# How can I write reverse by foldr efficiently in Haskell?

Note that the trivial solution

``````reverse a = foldr (\b c -> c ++ [b] ) [] a
``````

is not very efficient, because of the quadratic growth in complexity. If have tried to use the usual foldl to foldr conversion (blindly), but my attempt

``````foldr (\b g x -> g ((\x old -> x:old) x b)) id list []
``````

did not work as I expected.

-

Try this:

``````reverse bs = foldr (\b g x -> g (b : x)) id bs []
``````

Though it's usually really better to write it using foldl':

``````reverse = foldl' (flip (:)) []
``````
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Hi FUZxxl, could you please explain, why and how that works? – Chris Oct 23 '11 at 7:13
Chris: Let's just say: The accumulator has type [a] -> [a]. It's basically building up a lot of encapsulated lambdas, that add the list's elements to the front of what's passed - []. – FUZxxl Oct 23 '11 at 7:59
@Chris I personally prefer it in point-free notation, it is more readable (to me) that way: `reverse xs = foldr f id xs [] where f x r = r . (x:)`. So when the result of `foldr f id xs` is finally applied on `[]`, the `f x1 r1` is called, which produces `r1 . (x1:) \$ []` at which point `r1` is forced. In the end the whole chain `id.(xn:). ... .(x2:).(x1:)` is applied to `[]`. This uses the standard Haskell way of encoding the open-ended (aka "difference-") lists as chains of list-producing functions, `:: [a] -> [a]`. Same is used in `Data.Sequence` I believe. – Will Ness Feb 13 '12 at 9:07
This is one of those rare cases where `foldl'` is not better. The action of blindly applying a lazy constructor is never delayed because there is never any benefit to doing so. In the event that the code produced is actually different, it can only be worse. – dfeuer Sep 2 '15 at 20:30

Consider the following:

``````foldr (<>) seed [x1, x2, ... xn] == x1 <> (x2 <> (... <> (xn <> seed)))
``````

Let's just "cut" it into pieces:

``````(x1 <>) (x2 <>) ... (xn <>)  seed
``````

Now we have this bunch of functions, let's compose them:

``````(x1 <>).(x2 <>). ... .(xn <>).id \$ seed
``````

`((.), id)` it's `Endo` monoid, so

``````foldr (<>) seed xs == (appEndo . foldr (mappend.Endo.(<>)) mempty \$ xs) seed
``````

For left fold we need just `Dual` monoid.

``````leftFold (<>) seed xs = (appEndo . getDual . foldr (mappend . Dual . Endo . (<>)) mempty \$ xs) seed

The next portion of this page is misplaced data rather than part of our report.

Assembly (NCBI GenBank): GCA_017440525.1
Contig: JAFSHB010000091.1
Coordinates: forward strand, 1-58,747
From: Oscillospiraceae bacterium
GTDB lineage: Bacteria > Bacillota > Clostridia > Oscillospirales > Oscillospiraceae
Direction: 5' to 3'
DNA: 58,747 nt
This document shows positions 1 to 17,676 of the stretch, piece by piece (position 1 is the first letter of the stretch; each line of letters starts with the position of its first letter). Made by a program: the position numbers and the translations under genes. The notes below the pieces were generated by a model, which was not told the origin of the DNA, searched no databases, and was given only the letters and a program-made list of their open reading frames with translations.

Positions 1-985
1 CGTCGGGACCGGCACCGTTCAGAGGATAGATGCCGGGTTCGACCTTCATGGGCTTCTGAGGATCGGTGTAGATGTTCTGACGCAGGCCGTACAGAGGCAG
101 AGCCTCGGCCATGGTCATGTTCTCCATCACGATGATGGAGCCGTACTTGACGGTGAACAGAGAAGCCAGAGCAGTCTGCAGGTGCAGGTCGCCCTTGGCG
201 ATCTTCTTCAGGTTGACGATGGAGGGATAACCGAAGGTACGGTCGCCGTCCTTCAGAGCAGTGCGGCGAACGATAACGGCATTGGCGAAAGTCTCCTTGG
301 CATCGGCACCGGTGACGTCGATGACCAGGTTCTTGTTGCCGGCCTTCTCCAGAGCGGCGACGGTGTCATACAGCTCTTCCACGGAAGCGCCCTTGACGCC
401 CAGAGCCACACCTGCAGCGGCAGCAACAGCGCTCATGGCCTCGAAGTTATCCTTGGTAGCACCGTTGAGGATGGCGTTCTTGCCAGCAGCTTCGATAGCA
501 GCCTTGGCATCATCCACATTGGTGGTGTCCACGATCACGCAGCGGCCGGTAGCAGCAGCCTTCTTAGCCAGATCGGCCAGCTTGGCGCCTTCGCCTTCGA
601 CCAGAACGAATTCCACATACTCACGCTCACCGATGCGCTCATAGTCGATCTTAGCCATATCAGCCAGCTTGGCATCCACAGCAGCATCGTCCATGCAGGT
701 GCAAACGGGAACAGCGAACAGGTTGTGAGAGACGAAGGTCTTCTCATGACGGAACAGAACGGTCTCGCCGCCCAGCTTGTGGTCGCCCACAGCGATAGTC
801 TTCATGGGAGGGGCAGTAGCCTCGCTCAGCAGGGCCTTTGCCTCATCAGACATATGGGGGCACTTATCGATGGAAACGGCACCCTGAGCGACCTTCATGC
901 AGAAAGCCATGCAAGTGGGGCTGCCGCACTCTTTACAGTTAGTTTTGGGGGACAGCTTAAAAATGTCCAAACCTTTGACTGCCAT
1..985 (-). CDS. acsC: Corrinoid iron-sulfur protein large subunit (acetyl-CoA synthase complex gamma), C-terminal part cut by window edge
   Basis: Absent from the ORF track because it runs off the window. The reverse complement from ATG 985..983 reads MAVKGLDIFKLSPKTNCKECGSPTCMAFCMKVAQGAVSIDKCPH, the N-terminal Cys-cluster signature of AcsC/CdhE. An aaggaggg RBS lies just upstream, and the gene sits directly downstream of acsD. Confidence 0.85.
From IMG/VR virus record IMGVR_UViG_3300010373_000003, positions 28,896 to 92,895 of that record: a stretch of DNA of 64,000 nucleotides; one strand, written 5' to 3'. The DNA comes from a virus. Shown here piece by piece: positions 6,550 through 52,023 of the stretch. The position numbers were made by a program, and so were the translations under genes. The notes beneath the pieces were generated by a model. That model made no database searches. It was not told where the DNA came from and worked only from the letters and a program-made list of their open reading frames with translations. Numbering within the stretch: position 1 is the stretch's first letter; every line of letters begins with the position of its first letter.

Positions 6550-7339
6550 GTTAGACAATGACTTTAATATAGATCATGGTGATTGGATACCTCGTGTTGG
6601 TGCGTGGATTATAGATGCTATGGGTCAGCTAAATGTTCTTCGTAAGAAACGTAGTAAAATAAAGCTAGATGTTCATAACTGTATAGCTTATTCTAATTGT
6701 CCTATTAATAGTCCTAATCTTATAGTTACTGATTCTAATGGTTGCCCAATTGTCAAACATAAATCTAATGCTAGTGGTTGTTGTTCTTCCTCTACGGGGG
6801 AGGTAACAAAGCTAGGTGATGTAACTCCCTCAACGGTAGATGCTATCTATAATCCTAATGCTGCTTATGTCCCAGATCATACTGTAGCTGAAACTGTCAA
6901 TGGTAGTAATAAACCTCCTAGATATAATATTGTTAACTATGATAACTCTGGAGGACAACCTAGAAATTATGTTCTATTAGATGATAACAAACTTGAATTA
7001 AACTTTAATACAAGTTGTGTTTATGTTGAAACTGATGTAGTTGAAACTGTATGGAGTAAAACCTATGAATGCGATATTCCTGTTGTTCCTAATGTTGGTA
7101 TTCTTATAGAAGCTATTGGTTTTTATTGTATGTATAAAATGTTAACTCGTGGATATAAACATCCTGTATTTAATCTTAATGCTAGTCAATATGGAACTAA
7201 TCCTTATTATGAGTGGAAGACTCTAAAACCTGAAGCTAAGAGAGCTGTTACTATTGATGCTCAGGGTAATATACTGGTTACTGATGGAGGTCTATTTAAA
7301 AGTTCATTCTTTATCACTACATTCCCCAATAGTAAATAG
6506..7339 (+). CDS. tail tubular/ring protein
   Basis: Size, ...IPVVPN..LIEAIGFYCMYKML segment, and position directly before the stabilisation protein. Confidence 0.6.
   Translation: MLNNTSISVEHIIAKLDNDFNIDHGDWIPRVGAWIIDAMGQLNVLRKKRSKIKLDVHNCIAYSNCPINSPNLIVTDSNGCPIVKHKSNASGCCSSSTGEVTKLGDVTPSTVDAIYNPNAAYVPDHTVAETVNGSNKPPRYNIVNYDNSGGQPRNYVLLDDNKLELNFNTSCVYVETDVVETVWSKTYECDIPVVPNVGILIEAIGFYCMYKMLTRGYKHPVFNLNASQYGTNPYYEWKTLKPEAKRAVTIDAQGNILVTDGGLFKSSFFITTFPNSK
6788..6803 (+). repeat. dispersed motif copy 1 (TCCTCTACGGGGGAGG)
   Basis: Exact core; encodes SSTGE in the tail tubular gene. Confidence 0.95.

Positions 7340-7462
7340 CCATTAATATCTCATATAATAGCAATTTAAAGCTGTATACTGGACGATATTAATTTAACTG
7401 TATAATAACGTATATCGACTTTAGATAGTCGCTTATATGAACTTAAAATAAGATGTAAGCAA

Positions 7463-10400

``````

`(<>) = (:)` and `seed = []`

``````reverse' xs = (appEndo . getDual . foldr (mappend . Dual . Endo . (:)) mempty \$ xs) []
``````

Or simple:

``````reverse' xs = (appEndo . foldr (flip mappend . Endo . (:)) mempty \$ xs) []
reverse' xs = (foldr (flip (.) . (:)) id \$ xs) []
reverse' = flip (foldr (flip (.) . (:)) id) []
``````
-

Basically, you need to transform 1:2:3:[] into (3:).(2:).(1:) and apply it to []. Thus:

``````reverse' xs = foldr (\x g -> g.(x:)) id xs []
``````

The meaning of the accumulated g here is that it acts on its argument by appending the reversed partial tail of xs to it.

For the 1:2:3:[] example, in the last step x will be 3 and g will be (2:).(1:).

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``````foldl (\acc x -> x:acc) [] [1,2,3]
``````
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Please re-read the question, it is foldr not foldl – Rohit Sharma Dec 6 '14 at 14:27
Wrong place for answer, but just what I was looking for. – praetoriaen Sep 8 '15 at 23:08
I want to say that I realized that my answer was not correct very long time ago, but to my amazement many people have already voted it up (in total I got 5 votes up and 5 votes down). I think sometime people land to this page when looking for exactly this answer, thus I decided to keep it here because in the end it is all about helping others to find answers they are looking for. – ivan_a Oct 3 '15 at 18:09

old question, I know, but is there anything non-optimal about this approach, it seems like foldr would be faster due to lazy evaluation and the code is fairly concise:

`````` reverse' :: [a] -> [a]
reverse' = foldr (\x acc -> acc ++ [x]) []
``````

is (++) significantly slower than (:), which requires a few logical twists as shown in FUZxxl's answer

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This implementation is O(n^2) on the length of the list. At every step the current `acc` becomes garbage and a new list is created with `x` as the last element. Lazy evaluation only changes when this happens. In a strict language it would happen prior to `reverse'` returning. In Haskell it will occur when you force the result list. – Andrew Myers Dec 19 '15 at 21:33
ah, that makes perfect sense. Did not think about the fact that it would create a new list at each iteration. Thanks! – low_ghost Dec 19 '15 at 23:02
Some statically-available `++` applications can come out in the wash, but here they'll all actually happen and you will pay dearly for them. – dfeuer Dec 20 '15 at 0:22